a1 Department of Clinical Nutrition, University of Göteborg, Göteborg, Sweden
a2 Department of Food Science, Swedish University of Agricultural Sciences, Uppsala, Sweden
a3 Department of Food Science, Chalmers University of Technology, Göteborg, Sweden
a4 Department of Nutritional Research, University of Umeå, Sweden
Nutrients not absorbed in the small bowel will form substrates for microbial growth in the colon which may have implications for the development of colon cancer. The aim of the present study was to investigate whether fibre-rich oat and barley diets increase the excretion of energy-supplying nutrients from the small bowel compared with a low-fibre wheat diet, and whether a possible. increase could be related to the β-glucan content. Nine ileastomy subjects were served four types of bread together with a low-fibre basal diet (12 g dietary fibre/d). The breads were based on either wheat flour (W diet, 7 g dietary fibre/d), oat bran (OB diet, 29 g dietary fibre/d), the same amount of oat bran with addition of β-glucanase (EC 22.214.171.124) (OBE diet, 19 g dietary fibre/d) or a fibre-rich barley fraction (B diet, 35 g dietary fibre/d). An increased ileal excretion of starch was observed with the barley diet but no effect of the oat β-glucan on starch recovery was found. The NSP + Klason lignin in the ileostomy effluents accounted only for 24, 31, 24 and 35% of the gross energy excretion in the W, OB, OBE and B diet periods respectively. A large part of the dry weight and energy (30, 21, 28 and 27%, in the W, OB, OBE and B diets respectively) in the effluents could not be identified as fat, protein, total starch or NSP + Klason lignin. This unidentified part was probably made up of oligosaccbarides, endogenous losses and nutrient complexes. Methods for identifying and analysing these components should be developed and their role as substrates for colonic fermentation and colon cancer development ought to be investigated.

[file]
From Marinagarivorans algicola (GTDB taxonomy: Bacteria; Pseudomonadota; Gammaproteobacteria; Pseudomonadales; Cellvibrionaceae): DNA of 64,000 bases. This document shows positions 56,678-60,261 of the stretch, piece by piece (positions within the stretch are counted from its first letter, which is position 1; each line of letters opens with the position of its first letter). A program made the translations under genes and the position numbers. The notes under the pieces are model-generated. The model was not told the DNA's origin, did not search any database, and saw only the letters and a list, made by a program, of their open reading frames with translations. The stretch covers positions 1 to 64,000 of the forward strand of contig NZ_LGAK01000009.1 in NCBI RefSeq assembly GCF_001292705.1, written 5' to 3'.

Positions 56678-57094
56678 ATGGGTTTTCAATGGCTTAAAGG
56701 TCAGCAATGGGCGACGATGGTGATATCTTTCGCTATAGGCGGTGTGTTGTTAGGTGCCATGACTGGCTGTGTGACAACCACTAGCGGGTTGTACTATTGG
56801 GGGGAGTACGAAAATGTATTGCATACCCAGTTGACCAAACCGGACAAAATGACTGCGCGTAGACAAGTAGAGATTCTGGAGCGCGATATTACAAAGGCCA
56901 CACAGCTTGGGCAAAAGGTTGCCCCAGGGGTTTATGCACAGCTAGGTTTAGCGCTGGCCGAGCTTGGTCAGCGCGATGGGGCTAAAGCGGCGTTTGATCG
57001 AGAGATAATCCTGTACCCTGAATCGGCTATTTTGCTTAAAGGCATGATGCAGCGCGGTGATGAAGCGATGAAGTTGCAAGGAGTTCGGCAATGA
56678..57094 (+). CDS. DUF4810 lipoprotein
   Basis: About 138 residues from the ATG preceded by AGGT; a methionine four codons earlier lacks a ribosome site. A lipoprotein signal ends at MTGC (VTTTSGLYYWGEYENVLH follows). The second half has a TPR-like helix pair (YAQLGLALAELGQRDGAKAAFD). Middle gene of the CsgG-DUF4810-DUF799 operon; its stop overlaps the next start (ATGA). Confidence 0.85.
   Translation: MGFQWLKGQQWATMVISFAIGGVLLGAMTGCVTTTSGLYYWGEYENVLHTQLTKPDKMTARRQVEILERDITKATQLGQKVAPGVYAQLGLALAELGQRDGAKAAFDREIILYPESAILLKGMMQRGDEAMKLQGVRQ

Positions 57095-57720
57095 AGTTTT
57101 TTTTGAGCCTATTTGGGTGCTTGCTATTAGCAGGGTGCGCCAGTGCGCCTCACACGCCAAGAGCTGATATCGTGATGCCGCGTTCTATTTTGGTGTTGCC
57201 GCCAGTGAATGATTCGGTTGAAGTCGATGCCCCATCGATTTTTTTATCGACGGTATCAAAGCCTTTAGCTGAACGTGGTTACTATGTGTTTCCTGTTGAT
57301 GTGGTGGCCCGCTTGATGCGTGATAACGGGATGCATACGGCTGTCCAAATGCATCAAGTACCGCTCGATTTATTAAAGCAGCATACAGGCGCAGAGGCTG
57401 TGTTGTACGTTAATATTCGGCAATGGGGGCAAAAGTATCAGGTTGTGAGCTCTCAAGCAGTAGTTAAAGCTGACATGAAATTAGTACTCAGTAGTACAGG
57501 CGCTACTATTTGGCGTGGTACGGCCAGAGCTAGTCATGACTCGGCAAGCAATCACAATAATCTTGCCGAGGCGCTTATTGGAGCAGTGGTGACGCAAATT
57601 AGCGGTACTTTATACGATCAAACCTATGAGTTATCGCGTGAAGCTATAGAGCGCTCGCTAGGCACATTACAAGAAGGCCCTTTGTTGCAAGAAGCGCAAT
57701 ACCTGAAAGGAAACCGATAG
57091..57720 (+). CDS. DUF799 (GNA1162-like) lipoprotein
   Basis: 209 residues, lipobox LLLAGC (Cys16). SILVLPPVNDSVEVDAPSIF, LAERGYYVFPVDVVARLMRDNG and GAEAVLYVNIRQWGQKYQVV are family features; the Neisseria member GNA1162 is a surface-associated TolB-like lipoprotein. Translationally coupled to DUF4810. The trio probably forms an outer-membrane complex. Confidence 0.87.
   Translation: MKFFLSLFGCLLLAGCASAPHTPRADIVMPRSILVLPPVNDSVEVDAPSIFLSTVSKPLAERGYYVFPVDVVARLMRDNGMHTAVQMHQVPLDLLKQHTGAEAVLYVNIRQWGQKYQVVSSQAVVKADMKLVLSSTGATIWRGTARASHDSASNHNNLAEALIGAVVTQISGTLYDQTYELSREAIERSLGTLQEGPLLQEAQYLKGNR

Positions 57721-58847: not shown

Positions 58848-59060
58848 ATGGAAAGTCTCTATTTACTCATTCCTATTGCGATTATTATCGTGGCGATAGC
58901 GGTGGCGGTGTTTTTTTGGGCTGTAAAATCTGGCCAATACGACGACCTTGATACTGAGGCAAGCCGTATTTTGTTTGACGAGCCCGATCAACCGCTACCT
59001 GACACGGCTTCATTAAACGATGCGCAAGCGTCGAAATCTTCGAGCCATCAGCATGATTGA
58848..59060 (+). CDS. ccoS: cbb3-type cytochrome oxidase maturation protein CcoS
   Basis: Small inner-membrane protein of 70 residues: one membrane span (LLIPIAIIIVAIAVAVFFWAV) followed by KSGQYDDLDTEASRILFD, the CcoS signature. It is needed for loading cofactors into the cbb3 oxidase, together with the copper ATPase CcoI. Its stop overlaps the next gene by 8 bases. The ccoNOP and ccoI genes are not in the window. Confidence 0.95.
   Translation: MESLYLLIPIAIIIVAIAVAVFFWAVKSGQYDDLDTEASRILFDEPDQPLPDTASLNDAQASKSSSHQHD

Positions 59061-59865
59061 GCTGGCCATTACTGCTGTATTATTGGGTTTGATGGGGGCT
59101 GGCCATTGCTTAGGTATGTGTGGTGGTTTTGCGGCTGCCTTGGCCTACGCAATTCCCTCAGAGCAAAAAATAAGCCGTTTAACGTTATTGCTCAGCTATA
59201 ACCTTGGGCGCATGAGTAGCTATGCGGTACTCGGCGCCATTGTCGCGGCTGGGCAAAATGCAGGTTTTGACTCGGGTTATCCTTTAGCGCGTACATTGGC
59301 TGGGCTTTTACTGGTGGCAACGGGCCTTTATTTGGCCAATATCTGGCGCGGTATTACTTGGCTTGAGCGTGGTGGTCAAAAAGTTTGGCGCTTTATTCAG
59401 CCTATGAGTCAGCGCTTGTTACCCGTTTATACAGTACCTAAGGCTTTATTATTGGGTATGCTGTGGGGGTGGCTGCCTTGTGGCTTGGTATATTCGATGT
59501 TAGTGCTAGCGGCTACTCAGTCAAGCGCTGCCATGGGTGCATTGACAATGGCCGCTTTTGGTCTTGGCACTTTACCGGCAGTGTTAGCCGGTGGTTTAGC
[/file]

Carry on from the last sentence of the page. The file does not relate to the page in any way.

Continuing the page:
(Received August 31 1995)
(Revised March 11 1996)
(Accepted April 05 1996)